On May 11, 2023 AlphaPlus hosted our eighth Community Gabfest.
The conversation starter was “What is your favourite blended learning resource? And why?”
We received a suggestion that the Gabfest may be a good place to share ideas for good resources, strategies and tools for blended learning— the kitchen-tested stuff that practitioners find useful and effective in a variety of settings.
We used a Jamboard to guide our conversation: Wayfinders Gabfest 8 Jamboard.
We started by brainstorming what we are looking for in resource recommendations – what elements are important to us.
We asked three questions:
- What are your favourite blended learning (integrated digital and literacy skills) resources?
- What are your favourite digital skills (teaching people digital skills explicitly) resources?
- What are your favourite digital literacy (learning about ethics, privacy and safety) resources?
And here is the list we came up with:
- Copian is the newer name of what used to be called note the National Adult Literacy Database. There was funding in the 90s and into the 2000s for a national database of all the adult literacy resources from across the country. It is now taken care of by CDEACF (Centre de documentation sur l’éducation des adultes et la condition féminine).
- I was working with people who were considering going into the trades. I was using ABC Life Literacy’s UP Skills for Work. They had a section on confidence, but it seemed a little thin. So I went into Copian — there’s lots of writing by learners on Copian — and I found stories by learners, mostly from Atlantic Canada in the 2000s, talking about how they noticed their confidence had changed. We’re incorporating those stories into the activity. It is authentic material by people in adult learning environments. I find that finding learner writing is one of the most powerful ways, no matter what the topic is, to help people to reading or writing or even using it for digital skills.
Breaking News English
- Free English News Lessons in 7 Levels – You can read or listen to the news and do activities at the level that works best for you. There is advertising on this site. It is mostly at the top of the page.
Citizen Literacy app (useful for learning disabilities/difficulties, uses a phonetic approach, can use the app on an Android or you can access the lessons on the website)
- I’ve started using this with a learner who’s been in our classes over the years but continues to struggle. She might have an undiagnosed learning disability. It’s fun and uses a phonetic approach, but not in a traditional way.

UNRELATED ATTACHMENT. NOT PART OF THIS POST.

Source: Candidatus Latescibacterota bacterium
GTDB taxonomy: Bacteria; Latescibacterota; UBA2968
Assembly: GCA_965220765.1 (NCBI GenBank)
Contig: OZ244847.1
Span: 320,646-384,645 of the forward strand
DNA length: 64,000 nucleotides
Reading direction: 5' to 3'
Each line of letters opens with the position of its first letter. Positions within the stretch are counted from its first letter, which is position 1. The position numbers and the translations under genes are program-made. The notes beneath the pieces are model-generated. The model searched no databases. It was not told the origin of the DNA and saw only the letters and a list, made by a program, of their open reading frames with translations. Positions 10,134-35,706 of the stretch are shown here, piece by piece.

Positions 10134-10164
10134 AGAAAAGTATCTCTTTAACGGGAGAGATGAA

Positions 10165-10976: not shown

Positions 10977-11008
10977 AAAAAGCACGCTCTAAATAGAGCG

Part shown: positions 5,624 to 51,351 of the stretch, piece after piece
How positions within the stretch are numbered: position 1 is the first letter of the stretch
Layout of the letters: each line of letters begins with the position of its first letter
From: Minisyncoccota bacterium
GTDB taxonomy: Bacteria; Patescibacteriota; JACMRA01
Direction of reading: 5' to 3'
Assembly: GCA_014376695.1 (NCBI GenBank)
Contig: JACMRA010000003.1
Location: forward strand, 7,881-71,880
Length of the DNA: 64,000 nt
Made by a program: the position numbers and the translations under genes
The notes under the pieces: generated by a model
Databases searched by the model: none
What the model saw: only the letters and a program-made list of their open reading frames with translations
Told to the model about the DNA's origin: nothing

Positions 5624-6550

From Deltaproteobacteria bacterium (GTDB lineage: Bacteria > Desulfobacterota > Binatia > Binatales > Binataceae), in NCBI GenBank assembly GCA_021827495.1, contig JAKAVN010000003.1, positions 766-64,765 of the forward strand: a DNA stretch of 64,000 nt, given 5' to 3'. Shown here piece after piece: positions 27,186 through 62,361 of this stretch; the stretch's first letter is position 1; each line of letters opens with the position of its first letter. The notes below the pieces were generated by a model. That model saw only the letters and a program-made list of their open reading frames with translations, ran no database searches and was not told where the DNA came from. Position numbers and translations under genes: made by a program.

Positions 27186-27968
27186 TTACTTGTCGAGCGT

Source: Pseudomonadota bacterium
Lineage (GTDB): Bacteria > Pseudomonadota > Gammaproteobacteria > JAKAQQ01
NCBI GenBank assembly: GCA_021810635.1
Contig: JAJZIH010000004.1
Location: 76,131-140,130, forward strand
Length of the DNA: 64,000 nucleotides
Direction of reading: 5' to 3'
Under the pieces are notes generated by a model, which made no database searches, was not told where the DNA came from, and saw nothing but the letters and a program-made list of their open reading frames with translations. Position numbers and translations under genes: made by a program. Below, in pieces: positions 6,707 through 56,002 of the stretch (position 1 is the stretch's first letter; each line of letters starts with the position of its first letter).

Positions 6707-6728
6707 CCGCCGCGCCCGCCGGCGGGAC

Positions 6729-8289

- The Citizen Literacy Learner web app* is free to use, does not require user registration, has no adverts, no in-app purchases and takes no personal information. Featuring a voice driven interface suitable for low literacy learners with two virtual teachers that provide instruction and instant personalised feedback. It keeps track of each learner’s progress anonymously to provide feedback. Importantly, the design avoids looking like a children’s learning resource – a strongly demotivating factor for older learners. There is multimedia interactivity and gameplay, together with voice and handwriting recognition. Enabling some of the first online independent learning opportunities for low literacy learners. From a standing start, by the end of lesson 2, learners are beginning to read and write simple sentences.
Diffit for Teachers
- This is a good tool to change up your intake screening passages for reading. It finds new leveled articles and can discourage dishonesty and sharing of reading passages.
Google Applied Digital Skills
- Google Applied Digital Skills is a free online curriculum created by Google that combines real life skills with Google tools in self-paced, video-based lessons that are perfect for independent, hybrid or remote learning. From creating stories and recipes to researching and developing a topic or managing a budget, the curriculum engages learners in problem solving, critical thinking, and hands-on opportunities to develop skills and knowledge. Applied Digital Skills lessons are similar to real world projects and tasks that learners may encounter at work, in their daily lives and in educational settings .
Teach Online from Contact North
- TeachOnline is a place to find resources about the latest trends, best practices, training opportunities, and teaching resources in online and distance learning under the following categories:
- Pockets of Innovation
- Tools and Trends
- Training and Resources
- Upcoming Conferences
- Webinar Series
Linkedin Learning and Gale Learning
- LinkedIn Learning and Gale are online learning providers. LinkedIn Learning provides video courses taught by industry experts in software, creative, and business skills. Gale eLearning solutions provide teachers, students, and adult learners with online learning resources that include 3D virtual learning; elementary, middle, and high school databases; career training; professional development opportunities; and interactive, industry-specific courses taught by world-class instructors.
- You can access these courses and resources for free in some public libraries.
Virtual reality (e.g. Body swaps – Soft Skills simulations): through Contact North centres, literacy programs can use these tools at no cost
- We have a forklift simulator training and hazardous response. We have access to a program called Body Swaps, which is soft skills, so interviewing, preparation, public speaking, dealing with biases. It puts the person in a virtual reality. at first they are answering questions, but then it flips it and you’re hearing your own response and seeing what your avatar is doing. We’re currently working to look to see what we can find to be able to integrate VR more with LBS providers. We have a centre in Toronto and if you are in our centres using our equipment, there is no cost. We are looking to be able to do some more partnerships with community organizations and things like that.
Maps apps (various ways to use them)